A subsequent audit by the IRS revealed that Jones Inc. had not maintained accurate records for ACA compliance for its part-time staff. It was hit with hefty fines and penalties for not providing those employees with benefits. To make matters worse, the company had also failed to provide any employees with Form 1095-C; this form is used by individuals to determine if they’re eligible for tax subsidies for health insurance they buy in the federal government’s Marketplace. Eligibility for subsidies is based on an individual’s household income, employer size, and other factors.
Due to its lack of adequate record-keeping related to ACA compliance standards and policies, Jones Inc’s failure cost them dearly in terms of time, resources, legal fees, and additional fines imposed by the IRS as a result of the company’s noncompliance. As a result of this ordeal, Jones Inc. has since hired a dedicated ACA specialist. This person is responsible for ensuring accurate tracking of employee hours and wages, as well as tracking any health insurance coverage the company offers. The hope is that this will avoid similar problems in the future. Which leads to the next important issue.
2. Misclassification of Employees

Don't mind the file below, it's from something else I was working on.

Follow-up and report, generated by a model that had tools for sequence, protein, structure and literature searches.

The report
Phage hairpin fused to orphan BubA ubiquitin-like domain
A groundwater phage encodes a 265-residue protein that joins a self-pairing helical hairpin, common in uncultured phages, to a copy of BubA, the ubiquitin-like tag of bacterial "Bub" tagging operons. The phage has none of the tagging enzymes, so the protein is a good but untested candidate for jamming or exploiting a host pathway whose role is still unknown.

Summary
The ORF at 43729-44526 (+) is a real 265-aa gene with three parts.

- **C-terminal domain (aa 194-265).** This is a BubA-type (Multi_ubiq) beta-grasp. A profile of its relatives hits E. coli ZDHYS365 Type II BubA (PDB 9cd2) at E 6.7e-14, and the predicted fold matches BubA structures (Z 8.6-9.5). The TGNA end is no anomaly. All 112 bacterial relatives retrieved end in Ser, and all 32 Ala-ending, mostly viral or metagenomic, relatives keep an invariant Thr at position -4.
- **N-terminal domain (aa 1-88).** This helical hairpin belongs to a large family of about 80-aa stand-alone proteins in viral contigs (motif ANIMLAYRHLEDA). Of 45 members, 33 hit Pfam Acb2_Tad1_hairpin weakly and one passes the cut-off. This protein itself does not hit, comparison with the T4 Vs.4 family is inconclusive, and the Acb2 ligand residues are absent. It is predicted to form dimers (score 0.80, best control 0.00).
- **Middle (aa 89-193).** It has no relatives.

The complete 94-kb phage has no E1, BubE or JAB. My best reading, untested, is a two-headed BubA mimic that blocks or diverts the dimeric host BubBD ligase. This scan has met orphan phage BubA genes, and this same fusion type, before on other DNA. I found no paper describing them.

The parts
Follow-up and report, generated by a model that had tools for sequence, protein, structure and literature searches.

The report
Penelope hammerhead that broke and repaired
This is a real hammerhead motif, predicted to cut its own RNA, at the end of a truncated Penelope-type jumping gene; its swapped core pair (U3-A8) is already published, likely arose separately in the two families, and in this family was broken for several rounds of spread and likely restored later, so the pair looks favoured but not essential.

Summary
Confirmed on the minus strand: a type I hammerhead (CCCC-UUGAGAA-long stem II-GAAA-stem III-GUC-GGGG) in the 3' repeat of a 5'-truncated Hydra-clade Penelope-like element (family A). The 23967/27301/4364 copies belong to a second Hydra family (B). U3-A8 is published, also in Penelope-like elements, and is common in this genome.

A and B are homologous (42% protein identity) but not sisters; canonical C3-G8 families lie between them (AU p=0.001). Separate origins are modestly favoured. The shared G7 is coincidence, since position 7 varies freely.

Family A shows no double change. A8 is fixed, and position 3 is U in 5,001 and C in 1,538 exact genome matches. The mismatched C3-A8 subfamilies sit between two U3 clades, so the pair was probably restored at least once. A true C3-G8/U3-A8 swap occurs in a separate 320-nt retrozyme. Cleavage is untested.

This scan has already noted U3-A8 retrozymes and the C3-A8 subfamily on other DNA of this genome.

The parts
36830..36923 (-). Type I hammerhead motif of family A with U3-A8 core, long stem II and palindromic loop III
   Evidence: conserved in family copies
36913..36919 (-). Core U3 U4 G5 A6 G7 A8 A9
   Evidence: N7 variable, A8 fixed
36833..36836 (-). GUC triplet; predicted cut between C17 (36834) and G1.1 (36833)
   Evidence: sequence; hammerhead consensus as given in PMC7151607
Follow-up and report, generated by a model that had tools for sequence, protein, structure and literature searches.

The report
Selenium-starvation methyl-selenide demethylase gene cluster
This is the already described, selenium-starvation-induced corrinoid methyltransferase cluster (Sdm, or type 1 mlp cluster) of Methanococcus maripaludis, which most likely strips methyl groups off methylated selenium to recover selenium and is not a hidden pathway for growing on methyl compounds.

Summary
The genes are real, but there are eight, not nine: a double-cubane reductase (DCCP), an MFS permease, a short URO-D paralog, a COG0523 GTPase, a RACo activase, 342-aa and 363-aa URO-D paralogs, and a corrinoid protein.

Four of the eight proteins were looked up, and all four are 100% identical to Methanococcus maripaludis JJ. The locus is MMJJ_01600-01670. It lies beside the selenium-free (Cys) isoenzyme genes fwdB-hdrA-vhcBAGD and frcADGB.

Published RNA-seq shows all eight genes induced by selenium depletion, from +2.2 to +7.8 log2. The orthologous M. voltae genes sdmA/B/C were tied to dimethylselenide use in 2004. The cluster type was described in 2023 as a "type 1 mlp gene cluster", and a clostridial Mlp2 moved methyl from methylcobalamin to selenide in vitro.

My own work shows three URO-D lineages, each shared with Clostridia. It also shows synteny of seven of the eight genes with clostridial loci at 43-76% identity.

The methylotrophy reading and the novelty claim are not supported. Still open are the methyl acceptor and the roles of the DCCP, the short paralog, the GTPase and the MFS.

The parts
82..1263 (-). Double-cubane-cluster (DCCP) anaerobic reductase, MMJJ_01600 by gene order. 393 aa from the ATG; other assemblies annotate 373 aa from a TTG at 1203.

Misclassifying employees as independent contractors is one of the most common mistakes made by employers — and one of the most heavily penalized. Misclassifying an employee potentially has two costly consequences. First, it puts you at risk of stiff fines from the IRS. Second, it has the potential for other legal consequences if the IRS finds that workers are denied benefits or job protections that they would otherwise have been legally entitled to. To ensure proper classification, employers must evaluate their workforce on a regular basis and consult with legal counsel when there is any doubt about a worker’s status.
As I mentioned above, ACA regulations require companies with 50 or more full-time employees (or equivalent) to offer health coverage that meets ACA standards. This means employers don’t merely need to accurately track employee hours and wages, but that they also must correctly classify employees so they’re eligible for the health plans the company offers.
It’s important to note that misclassifying employees doesn’t just violate ACA regulations. Misclassifying workers can also lead to costly fines from agencies like the IRS or Department of Labor for failing to comply with ACA requirements.